Developer: HAL Laboratory
Platform: Nintendo 3DS Family Systems
Release Date: 3rd of November, 2017 (EU), 30th of November, 2017 (JP) & 19th of January, 2018 (EU & NA)
Nintendo’s vacuum cleaning pink blob has been around. Indeed, 2017 just so happens to be the unlikely hero’s 25th anniversary. Celebrations have been oddly quiet for such a momentous occasion however, with three spin-offs seeing release on the 3DS, but not a boxed release until now, with Kirby Battle Royale, a collection of wacky-mini games held together by a thin plot involving cake.
The 3DS has been a fantastic place for fans of Kirby, with two smart, fun and gorgeous traditional offerings in the shape of Triple Deluxe and Planet Robobot. Along with these, we have seen the releases of downloadable titles Team Kirby Clash Deluxe, Kirby’s Blowout Blast, Kirby Fighters Deluxe and Dedede’s Drum Dash Deluxe. It’s safe to say that if you’re a fan of the ability copying heroic pink blob then the 3DS is the console for you. The latest title to see release is another spin-off for everyone’s favourite hungry hero in which you battle against Kirby’s greatest enemy yet – himself.
Although primarily made as a multiplayer experience, you’ll be playing Kirby Battle Royale by yourself for the most part, thanks to a bright and breezy story. This sees Kirby invited to enter into King Dedede’s Cake Royale tournament where the grand prize is a magnificent cake, and Kirby, the glutton he is, of course accepts the invitation to claim the delicious prize. The story opens with a simple level that sees you traverse across a top-down landscape filled with various nefarious traps such as bottomless pits, enemies and spikes to jump and flutter over. You end up having to carry an exhausted Waddle Dee through to the hub where you’ll later spend your time picking what contest to tackle next and even talk to the several Waddle Dees that are cheering you (or other Kirbys) on.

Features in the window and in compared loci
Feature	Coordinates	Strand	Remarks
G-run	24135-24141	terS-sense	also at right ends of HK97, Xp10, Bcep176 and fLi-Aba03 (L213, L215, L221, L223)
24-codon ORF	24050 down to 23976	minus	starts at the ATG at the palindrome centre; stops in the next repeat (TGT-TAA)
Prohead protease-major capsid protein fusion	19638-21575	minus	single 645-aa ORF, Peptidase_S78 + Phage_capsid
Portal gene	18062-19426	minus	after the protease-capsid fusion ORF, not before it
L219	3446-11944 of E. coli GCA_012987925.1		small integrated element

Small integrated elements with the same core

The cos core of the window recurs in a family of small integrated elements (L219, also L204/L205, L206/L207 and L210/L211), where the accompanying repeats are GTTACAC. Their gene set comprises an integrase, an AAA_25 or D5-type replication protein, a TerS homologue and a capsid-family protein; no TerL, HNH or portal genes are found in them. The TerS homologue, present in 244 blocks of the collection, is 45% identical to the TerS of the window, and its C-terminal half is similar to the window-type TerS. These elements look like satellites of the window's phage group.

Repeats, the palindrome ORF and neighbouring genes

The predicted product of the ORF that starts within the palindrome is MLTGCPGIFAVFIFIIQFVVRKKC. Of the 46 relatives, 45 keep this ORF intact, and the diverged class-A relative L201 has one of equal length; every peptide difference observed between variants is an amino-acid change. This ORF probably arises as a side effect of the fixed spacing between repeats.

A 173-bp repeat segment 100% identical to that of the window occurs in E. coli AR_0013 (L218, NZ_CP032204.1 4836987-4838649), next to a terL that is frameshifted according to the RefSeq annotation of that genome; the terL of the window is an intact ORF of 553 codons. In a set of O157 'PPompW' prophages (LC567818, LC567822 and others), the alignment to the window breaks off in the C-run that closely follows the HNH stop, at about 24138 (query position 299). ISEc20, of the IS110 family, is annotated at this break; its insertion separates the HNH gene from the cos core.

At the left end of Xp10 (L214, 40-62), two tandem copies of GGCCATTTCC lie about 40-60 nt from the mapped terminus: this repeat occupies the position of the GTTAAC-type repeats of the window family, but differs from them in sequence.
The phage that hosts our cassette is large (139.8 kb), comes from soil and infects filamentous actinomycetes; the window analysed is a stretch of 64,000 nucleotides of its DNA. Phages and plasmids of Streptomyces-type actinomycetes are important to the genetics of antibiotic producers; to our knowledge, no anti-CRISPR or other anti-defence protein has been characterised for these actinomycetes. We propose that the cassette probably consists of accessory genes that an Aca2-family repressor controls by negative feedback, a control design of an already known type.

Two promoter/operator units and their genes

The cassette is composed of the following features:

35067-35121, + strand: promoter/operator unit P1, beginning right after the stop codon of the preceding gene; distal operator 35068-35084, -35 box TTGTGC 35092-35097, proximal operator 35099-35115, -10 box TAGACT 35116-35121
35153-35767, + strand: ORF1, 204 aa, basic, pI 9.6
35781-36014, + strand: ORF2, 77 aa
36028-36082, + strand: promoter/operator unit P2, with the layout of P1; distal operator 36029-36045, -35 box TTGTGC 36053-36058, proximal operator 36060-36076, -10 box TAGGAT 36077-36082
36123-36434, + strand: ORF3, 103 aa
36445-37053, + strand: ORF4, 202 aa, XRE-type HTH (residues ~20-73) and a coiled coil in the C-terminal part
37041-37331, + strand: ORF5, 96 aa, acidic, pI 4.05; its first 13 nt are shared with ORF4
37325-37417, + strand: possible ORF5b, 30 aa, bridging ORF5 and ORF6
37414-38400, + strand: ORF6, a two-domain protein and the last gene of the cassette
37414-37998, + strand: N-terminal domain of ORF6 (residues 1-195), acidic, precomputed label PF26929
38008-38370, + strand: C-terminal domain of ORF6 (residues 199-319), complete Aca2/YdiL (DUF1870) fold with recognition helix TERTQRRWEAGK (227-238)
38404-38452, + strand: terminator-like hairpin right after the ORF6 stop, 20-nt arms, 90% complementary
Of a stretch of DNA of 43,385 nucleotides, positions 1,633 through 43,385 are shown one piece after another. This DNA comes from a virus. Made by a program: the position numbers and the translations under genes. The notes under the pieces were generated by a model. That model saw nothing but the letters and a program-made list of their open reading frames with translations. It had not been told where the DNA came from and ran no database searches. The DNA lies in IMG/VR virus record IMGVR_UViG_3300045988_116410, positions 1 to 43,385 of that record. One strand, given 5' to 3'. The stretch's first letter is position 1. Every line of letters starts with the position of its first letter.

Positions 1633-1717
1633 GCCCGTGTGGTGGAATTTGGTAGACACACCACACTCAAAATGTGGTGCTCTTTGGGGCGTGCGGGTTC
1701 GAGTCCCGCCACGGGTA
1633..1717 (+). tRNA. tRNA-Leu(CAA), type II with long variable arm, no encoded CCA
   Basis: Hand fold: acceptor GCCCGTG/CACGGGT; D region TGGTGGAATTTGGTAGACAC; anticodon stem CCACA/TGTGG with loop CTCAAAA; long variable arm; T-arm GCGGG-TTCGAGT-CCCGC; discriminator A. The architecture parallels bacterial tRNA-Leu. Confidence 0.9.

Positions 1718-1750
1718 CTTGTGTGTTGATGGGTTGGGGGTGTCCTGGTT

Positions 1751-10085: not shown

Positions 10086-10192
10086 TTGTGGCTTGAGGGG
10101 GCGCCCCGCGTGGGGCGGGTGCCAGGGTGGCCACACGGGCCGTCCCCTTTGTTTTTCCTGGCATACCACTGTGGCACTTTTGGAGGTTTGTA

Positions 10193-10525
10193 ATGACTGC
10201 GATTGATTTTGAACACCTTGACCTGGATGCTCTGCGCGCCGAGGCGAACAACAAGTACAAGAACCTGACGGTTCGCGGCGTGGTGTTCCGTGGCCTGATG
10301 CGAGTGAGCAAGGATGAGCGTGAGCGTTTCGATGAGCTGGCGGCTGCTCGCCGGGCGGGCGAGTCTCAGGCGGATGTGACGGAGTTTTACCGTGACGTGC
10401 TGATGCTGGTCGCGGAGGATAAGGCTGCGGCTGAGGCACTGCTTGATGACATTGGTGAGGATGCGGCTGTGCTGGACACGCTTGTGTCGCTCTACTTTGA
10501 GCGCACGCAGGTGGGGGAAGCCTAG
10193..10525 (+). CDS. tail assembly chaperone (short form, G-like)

On first impressions, Kirby Battle Royale feels like a neat top-down Kirby RPG of sorts, where you can talk to whatever Waddle Dees you see on screen and do things like fight your traditional selection of enemies on top-down levels with classic copy abilities to choose from and unlock, maybe even level up. I truly wish this is what we got with Battle Royale, but it is sadly not the case. Instead, you are challenged by King Dedede (who may or may not be plotting against you the entire time) to tackle various mini-games and rise through the rankings all the way into the Platinum rank in order to face the final boss and take home the prized gigantic cake. Along with your trusty umbrella equipped Waddle Dee, you must fulfill Kirby’s sugary destiny.
Each ranking level in the story mode will see you challenging a selection of contests, each worth a different amount of points, in order to fill up your completion bar (rises from 100 points up to 500) to take on the final stage for each rank. Along the way, you will unlock new copy abilities that are all simple to control (you press “B” to do a normal attack, “Y” for a special and can chain regular attacks or charge them up to unleash devastating damage), but there will be ones that you prefer using. For example, the long range grabbing abilities of the “Whip” ability really helps in most mini-games. There are plenty of abilities to unlock and if you know your Kirby games, you’ll recognize the lot of them. Your standard Sword, Bomb and Fighter are all their, along slightly more obscure ones like Spear, Ninja and Tornado, but there was sadly no room for the classic Fire ability. Despite their simple controls, each one offers a unique way to play the game.
While fighting your way through a bunch of mini-games might not be exactly what you want from a Kirby game, stick with Battle Royale and it will surprise you with just how fun it can be. Each mini-game offers up gameplay that (when played in multiplayer) can provide exciting, tense and hectic fun. Apple Scramble, for example, sees you collect apples in a team game (2v2 or 1v1) by knocking them off of miniature Whispy Woods via attacking them, picking dropped apples up with a press of “R” (as many apples as you want) and throwing them onto a platform that you can open, winning points for each apple collected. It can get intense when played in multiplayer and there are different strategies you can adopt. You can simply collect apples and try to drop them in your respective hole, or you can choose to help your teammate by fighting your opponents, making it much harder for them. A lot of the mini-games can work like this, but Apple Scramble, Rocket Rumble and Ore Express are the strongest of the lot.